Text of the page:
If 'hoarding' time and pennies wasn't working for me, I was determined to step back and re-assess. It turns out that 'scarcity mentality' narrows our perceptions of time, causing us to make impulsive decisions. Ironically, these impulsive decisions can cause us to spend more time and money as a consequence of trying to save both. If we over-commit to today's tasks and miss important items (like paying a credit card bill), that could cost us both time (calling the credit card company) and money (the late payment fee). A crisis can cause people to miss important information since they're trying to juggle too much - often conflicting - information at once. This is especially true early in a crisis. Mis-interpreting important information can also result.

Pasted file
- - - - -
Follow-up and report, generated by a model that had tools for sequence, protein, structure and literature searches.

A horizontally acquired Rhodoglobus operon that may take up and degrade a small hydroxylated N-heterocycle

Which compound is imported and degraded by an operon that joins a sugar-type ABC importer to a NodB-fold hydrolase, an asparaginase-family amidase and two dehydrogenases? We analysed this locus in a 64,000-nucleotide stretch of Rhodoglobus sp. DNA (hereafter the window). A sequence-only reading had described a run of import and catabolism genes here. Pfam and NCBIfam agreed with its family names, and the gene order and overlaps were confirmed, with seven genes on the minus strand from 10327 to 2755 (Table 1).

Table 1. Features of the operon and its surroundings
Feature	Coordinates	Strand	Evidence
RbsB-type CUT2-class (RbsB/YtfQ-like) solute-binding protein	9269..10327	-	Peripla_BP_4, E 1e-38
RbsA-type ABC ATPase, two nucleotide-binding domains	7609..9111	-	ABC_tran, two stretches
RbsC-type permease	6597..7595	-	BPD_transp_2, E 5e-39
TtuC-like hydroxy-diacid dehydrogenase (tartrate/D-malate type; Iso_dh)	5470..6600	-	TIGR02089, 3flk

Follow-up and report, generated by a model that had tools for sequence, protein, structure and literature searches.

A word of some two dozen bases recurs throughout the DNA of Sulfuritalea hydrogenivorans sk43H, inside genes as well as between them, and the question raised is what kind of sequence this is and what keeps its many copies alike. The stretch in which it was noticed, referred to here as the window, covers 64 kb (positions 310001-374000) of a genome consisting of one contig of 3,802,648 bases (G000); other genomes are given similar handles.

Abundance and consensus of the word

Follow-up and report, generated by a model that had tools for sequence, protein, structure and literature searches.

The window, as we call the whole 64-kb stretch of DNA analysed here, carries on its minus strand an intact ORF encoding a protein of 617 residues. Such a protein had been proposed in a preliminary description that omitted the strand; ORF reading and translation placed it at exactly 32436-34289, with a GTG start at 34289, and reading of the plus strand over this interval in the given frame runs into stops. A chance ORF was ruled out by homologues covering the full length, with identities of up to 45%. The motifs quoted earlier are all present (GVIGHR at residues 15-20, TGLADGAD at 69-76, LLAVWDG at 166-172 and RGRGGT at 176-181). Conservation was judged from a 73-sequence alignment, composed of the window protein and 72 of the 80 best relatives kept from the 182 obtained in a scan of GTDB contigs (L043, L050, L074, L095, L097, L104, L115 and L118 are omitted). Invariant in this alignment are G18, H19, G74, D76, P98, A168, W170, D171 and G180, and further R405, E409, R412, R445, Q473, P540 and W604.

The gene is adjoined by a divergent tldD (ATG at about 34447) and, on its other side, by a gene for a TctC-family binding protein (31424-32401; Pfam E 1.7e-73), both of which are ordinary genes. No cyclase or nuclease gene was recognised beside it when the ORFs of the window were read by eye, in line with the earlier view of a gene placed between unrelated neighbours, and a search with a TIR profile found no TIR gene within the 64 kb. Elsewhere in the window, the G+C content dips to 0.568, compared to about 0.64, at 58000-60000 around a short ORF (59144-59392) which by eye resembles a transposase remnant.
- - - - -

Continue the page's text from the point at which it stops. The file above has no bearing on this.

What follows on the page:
Successful American businesses have built on this 'scarcity mentality'. The membership clubs come to mind. I let our membership to the best known of these 'clubs' lapse a couple years ago when a quick analysis showed that A) I wasn't necessarily 'saving' money on all my purchases just because it was at said 'club', B) I ended up spending more on 'impulse' items than I'd planned, C) I was paying the club for the 'privilege' of buying too much and keeping their 'inventory' on my shelves at home. Oh, and when you need more shelves in the garage to hold that 'inventory', you know you have a problem. I wasn't saving anything. Time or money. It was just the two of us, after all. Sensible management of a leaner home 'inventory' of goods and supplies made more sense on all levels.